Towson, who has served as Wilmore’s President and CEO since its founding, gradually moved his company, and its subsidiary, Energy Dynamics, Inc., into manufacturing. “Now 80 per cent of what we sell is proprietary products. We are not interested in selling research unless the R&D leads to manufacturing. We are proud that since we started hiring manufacturing people in 1970, we have never laid anyone off. We have about 100 employees” between the two companies.

Energy Dynamics, located in rural Caswell County, North Carolina, is an interesting concept in business developed by Wilmore. “We have a lot of manufacturers dependent on us to ship products on time. Regardless of the reason — fire, flood, tornado — if we cannot deliver our products, it could shut them down. So we have encouraged people to trust in us by having a redundant plant that duplicates all of our capabilities. This is not commonplace for a small operation,” Towson explains. The two locations provide state-of-the-art industrial power converters to a wide base of domestic and export customers, including energy, utility, vehicular, data communications, and railroad industries. Their customer base extends beyond the U.S. to more than 20 foreign countries.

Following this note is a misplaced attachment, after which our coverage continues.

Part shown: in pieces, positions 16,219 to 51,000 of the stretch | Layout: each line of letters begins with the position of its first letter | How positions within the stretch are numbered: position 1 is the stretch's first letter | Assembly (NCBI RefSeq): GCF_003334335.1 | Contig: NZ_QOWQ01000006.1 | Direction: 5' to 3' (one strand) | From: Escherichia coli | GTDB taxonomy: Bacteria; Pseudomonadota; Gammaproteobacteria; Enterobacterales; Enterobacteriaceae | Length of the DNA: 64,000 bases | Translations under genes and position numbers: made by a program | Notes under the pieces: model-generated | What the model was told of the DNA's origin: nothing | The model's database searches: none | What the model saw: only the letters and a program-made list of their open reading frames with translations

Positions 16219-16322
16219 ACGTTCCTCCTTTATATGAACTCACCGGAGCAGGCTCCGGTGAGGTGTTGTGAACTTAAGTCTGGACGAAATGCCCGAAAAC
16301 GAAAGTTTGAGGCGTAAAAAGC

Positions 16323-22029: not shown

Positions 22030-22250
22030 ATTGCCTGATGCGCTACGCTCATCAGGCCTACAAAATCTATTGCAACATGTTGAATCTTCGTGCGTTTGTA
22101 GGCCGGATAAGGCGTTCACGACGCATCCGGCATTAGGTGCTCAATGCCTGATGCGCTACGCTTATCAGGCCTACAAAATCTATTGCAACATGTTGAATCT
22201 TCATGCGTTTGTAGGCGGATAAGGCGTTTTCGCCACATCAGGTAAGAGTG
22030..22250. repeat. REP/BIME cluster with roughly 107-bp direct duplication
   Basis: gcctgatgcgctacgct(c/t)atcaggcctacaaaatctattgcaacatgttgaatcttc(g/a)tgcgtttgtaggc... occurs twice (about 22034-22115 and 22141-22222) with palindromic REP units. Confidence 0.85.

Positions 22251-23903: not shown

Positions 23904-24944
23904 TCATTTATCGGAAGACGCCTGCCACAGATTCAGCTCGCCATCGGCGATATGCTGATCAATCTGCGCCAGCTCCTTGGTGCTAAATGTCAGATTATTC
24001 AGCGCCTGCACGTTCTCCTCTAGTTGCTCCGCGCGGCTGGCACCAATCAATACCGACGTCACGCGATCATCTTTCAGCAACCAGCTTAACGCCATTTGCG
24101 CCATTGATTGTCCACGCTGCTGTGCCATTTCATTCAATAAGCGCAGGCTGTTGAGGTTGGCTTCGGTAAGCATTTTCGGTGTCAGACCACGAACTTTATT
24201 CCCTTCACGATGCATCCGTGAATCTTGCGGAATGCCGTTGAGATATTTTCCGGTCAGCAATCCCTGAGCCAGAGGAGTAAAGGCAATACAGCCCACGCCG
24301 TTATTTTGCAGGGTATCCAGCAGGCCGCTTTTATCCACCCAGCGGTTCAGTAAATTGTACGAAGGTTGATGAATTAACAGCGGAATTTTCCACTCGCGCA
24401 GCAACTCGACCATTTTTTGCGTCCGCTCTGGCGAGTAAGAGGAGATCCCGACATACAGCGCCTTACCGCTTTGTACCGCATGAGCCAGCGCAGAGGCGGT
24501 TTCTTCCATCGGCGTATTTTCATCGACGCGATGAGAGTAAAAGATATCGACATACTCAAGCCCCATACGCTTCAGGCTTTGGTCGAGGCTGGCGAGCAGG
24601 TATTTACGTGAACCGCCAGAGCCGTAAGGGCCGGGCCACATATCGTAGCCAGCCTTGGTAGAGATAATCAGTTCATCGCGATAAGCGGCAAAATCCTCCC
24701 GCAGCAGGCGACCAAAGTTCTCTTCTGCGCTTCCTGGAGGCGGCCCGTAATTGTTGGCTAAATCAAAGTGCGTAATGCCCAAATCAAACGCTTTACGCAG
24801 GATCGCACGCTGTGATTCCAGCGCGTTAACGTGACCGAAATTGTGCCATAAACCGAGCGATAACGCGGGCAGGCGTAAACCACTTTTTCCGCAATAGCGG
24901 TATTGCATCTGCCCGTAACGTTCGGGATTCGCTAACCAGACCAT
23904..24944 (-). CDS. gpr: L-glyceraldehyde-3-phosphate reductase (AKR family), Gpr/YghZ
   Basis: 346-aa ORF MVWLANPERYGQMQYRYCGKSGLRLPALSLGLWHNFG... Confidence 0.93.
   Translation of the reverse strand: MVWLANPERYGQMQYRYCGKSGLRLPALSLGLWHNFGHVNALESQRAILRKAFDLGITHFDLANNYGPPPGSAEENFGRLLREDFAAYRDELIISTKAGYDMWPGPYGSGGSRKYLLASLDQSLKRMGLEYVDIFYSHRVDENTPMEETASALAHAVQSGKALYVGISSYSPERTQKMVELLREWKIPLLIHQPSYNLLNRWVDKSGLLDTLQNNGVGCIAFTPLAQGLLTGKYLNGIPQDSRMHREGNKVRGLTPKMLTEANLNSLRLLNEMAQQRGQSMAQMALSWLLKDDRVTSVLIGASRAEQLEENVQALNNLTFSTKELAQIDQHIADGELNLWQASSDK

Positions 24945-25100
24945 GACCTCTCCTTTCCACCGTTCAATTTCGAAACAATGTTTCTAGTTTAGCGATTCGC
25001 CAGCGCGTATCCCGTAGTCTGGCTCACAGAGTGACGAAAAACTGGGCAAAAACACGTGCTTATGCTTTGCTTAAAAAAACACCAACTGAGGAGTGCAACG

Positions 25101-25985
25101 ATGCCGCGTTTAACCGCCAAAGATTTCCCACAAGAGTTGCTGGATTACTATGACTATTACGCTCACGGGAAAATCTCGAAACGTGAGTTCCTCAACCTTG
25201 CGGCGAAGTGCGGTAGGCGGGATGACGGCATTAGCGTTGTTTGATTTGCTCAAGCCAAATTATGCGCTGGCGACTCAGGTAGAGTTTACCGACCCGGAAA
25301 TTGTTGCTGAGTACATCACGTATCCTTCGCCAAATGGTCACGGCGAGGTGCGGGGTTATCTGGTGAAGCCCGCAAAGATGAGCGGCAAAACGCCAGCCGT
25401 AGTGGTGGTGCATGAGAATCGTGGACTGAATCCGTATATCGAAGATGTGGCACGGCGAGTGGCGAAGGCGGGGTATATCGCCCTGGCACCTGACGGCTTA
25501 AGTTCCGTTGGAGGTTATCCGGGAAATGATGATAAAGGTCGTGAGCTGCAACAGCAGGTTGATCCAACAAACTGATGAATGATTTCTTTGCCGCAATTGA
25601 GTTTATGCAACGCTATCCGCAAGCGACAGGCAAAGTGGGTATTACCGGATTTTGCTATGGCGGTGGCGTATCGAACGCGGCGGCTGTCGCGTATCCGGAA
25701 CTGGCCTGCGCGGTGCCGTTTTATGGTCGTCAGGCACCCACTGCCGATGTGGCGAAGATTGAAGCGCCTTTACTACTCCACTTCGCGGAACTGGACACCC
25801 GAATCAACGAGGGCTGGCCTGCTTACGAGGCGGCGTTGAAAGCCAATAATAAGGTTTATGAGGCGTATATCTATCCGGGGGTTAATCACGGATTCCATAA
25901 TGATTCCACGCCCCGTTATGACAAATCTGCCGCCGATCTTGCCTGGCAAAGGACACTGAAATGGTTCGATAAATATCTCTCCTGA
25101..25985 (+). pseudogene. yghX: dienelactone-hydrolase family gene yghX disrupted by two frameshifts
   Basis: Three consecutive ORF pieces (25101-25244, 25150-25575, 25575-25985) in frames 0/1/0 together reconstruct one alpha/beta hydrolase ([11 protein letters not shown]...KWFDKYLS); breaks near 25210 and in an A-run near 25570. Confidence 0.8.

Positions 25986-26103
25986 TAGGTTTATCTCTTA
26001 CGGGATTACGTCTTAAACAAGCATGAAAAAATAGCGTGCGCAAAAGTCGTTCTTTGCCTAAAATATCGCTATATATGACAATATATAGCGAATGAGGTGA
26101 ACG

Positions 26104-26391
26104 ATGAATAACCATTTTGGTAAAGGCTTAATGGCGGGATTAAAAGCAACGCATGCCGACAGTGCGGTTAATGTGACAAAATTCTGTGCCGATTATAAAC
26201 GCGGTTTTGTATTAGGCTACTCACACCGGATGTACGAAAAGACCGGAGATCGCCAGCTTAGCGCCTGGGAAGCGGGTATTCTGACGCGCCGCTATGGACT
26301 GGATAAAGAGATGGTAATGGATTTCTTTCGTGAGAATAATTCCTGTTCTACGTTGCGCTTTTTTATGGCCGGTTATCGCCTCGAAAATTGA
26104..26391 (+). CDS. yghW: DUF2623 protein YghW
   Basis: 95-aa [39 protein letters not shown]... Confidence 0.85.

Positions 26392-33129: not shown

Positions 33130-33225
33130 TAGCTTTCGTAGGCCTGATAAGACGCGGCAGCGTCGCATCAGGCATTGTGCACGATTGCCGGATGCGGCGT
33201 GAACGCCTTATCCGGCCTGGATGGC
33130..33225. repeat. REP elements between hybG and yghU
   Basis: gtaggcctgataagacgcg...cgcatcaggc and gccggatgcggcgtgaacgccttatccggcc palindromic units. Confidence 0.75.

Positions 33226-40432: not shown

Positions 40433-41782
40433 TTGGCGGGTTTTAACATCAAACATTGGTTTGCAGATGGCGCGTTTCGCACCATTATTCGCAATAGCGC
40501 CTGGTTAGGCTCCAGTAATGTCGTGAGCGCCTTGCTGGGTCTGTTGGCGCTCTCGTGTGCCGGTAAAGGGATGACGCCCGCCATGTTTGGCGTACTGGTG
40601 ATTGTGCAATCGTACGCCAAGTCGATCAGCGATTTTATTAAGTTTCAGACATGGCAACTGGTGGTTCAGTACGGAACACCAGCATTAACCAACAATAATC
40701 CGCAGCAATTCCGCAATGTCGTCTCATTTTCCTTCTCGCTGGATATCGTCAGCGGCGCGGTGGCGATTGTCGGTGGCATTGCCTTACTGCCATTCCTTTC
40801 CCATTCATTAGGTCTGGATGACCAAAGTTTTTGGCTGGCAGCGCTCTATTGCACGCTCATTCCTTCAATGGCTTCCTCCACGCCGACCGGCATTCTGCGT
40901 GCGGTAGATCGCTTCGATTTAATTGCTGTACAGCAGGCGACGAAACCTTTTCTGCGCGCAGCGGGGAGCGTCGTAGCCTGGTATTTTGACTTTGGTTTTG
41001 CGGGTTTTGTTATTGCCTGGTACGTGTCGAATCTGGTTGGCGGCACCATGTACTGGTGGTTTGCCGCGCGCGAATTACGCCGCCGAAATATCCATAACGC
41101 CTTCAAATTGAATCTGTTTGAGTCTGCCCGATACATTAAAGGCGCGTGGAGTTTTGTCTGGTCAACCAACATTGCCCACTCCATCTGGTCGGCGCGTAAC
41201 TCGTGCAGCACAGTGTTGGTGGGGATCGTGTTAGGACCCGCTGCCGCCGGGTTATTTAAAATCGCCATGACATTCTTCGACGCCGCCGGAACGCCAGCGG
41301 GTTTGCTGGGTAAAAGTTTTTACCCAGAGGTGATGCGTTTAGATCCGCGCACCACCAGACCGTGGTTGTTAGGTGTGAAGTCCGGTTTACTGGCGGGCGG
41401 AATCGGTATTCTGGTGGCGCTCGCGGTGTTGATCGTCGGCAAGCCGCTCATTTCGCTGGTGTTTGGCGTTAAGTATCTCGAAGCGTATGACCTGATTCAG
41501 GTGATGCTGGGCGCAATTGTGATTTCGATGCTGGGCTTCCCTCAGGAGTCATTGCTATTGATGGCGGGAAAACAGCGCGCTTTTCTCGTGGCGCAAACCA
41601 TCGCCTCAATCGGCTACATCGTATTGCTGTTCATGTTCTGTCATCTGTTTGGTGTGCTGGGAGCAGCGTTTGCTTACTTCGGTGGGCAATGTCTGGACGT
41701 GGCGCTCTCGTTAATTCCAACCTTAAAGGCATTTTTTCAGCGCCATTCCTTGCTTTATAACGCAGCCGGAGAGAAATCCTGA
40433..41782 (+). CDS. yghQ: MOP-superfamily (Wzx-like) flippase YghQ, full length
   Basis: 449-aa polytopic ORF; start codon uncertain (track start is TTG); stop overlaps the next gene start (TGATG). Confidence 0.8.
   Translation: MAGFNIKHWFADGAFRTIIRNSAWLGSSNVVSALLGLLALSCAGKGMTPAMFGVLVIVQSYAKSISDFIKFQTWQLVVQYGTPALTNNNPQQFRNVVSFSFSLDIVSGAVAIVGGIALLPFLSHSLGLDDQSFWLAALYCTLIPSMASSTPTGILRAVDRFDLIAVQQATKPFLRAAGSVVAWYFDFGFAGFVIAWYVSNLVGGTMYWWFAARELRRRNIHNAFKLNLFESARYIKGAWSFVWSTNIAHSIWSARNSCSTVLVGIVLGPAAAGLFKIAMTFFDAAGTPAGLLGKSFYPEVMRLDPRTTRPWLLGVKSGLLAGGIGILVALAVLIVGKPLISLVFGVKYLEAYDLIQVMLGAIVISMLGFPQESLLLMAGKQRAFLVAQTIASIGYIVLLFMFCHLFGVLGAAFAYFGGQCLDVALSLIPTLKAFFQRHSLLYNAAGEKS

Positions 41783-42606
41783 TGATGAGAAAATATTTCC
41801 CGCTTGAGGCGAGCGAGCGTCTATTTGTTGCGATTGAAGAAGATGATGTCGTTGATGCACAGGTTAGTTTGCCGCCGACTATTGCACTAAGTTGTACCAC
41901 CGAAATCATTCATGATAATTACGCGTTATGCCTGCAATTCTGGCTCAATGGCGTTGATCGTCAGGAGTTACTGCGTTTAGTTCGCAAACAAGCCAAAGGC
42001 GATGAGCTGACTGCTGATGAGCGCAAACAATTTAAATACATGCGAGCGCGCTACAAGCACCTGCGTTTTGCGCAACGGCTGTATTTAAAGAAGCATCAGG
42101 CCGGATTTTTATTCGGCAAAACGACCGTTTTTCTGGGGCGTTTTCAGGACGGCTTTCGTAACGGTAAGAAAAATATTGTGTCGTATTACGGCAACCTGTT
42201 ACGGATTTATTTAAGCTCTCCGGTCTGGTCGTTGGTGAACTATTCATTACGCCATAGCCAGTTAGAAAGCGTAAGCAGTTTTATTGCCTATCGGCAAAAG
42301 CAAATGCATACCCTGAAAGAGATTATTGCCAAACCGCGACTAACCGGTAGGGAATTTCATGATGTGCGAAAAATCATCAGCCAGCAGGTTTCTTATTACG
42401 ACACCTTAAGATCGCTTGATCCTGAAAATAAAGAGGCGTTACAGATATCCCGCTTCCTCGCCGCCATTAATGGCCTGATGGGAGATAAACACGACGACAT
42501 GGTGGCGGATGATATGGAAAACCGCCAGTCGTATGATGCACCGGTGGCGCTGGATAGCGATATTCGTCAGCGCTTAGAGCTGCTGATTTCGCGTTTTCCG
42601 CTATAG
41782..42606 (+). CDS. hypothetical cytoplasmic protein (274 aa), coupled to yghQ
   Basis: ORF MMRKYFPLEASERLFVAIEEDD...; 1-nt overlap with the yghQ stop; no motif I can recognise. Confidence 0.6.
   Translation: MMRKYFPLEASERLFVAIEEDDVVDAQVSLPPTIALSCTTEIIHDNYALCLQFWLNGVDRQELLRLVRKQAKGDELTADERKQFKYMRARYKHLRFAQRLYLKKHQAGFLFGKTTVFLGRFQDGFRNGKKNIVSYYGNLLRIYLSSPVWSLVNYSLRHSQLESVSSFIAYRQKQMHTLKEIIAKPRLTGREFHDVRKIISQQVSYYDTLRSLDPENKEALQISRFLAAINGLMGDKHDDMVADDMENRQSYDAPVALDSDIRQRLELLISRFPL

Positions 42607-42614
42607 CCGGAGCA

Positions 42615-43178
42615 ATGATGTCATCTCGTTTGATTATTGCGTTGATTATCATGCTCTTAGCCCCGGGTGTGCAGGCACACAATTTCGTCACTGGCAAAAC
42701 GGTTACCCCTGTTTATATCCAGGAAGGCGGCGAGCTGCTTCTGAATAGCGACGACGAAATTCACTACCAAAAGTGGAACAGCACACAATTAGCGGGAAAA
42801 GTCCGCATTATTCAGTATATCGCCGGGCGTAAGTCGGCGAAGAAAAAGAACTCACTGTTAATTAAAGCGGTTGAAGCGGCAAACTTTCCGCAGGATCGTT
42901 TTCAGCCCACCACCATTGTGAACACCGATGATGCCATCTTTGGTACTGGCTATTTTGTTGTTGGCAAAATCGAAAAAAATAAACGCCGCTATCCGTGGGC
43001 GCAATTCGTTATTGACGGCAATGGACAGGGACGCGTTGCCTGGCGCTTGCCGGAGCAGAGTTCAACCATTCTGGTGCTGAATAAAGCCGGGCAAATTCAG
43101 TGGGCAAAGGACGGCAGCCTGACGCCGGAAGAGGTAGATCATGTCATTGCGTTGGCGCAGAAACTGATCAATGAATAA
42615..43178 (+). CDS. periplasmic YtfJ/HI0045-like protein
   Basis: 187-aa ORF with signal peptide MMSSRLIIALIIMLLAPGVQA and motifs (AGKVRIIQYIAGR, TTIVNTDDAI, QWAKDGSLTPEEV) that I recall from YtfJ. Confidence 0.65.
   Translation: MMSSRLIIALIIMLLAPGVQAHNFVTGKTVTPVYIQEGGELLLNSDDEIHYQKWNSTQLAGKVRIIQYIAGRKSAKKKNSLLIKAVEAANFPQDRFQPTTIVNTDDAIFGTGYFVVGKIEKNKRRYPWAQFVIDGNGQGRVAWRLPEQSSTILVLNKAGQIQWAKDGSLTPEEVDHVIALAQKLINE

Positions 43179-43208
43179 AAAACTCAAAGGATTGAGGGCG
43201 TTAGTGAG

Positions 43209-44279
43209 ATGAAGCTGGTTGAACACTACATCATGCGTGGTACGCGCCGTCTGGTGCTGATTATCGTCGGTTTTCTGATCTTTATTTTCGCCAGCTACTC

“My first love has always been the technical challenge involved in the design and development of new products, and I have made a point of continuing a strong involvement with this aspect of the business,” Towson says. “I have always made sure that the administrative responsibilities have not driven a wedge between me and the technology. It’s a wonderful coincidence and a real blessing when one can earn a living at something that is truly fun.” Not surprisingly, he continues to work full time.

Along with the fun and challenges of family and work, Towson found time to take a special interest in the regional Goodwill Industries, serving as the Chairman of its Board of Directors, and in the nearby Durham Technical Community College, serving as a member of its Board of Trustees for nine years. He also served on its Foundation Board and on the Industrial Advisory Committee to its Electronics Technology Program.

In 1965, he married Linda Lunsford, a 12th grade teacher who chairs the English Department at Northern High School, Durham, North Carolina. They have two children: Alan, who graduated with a bachelor’s degree from North Carolina State and a master’s from Campbell University; and Jennifer, who received bachelor’s and master’s degrees from Duke University, and a second master’s degree from the University of Maryland.

Class of: 1958
Year Inducted into Academy: 2005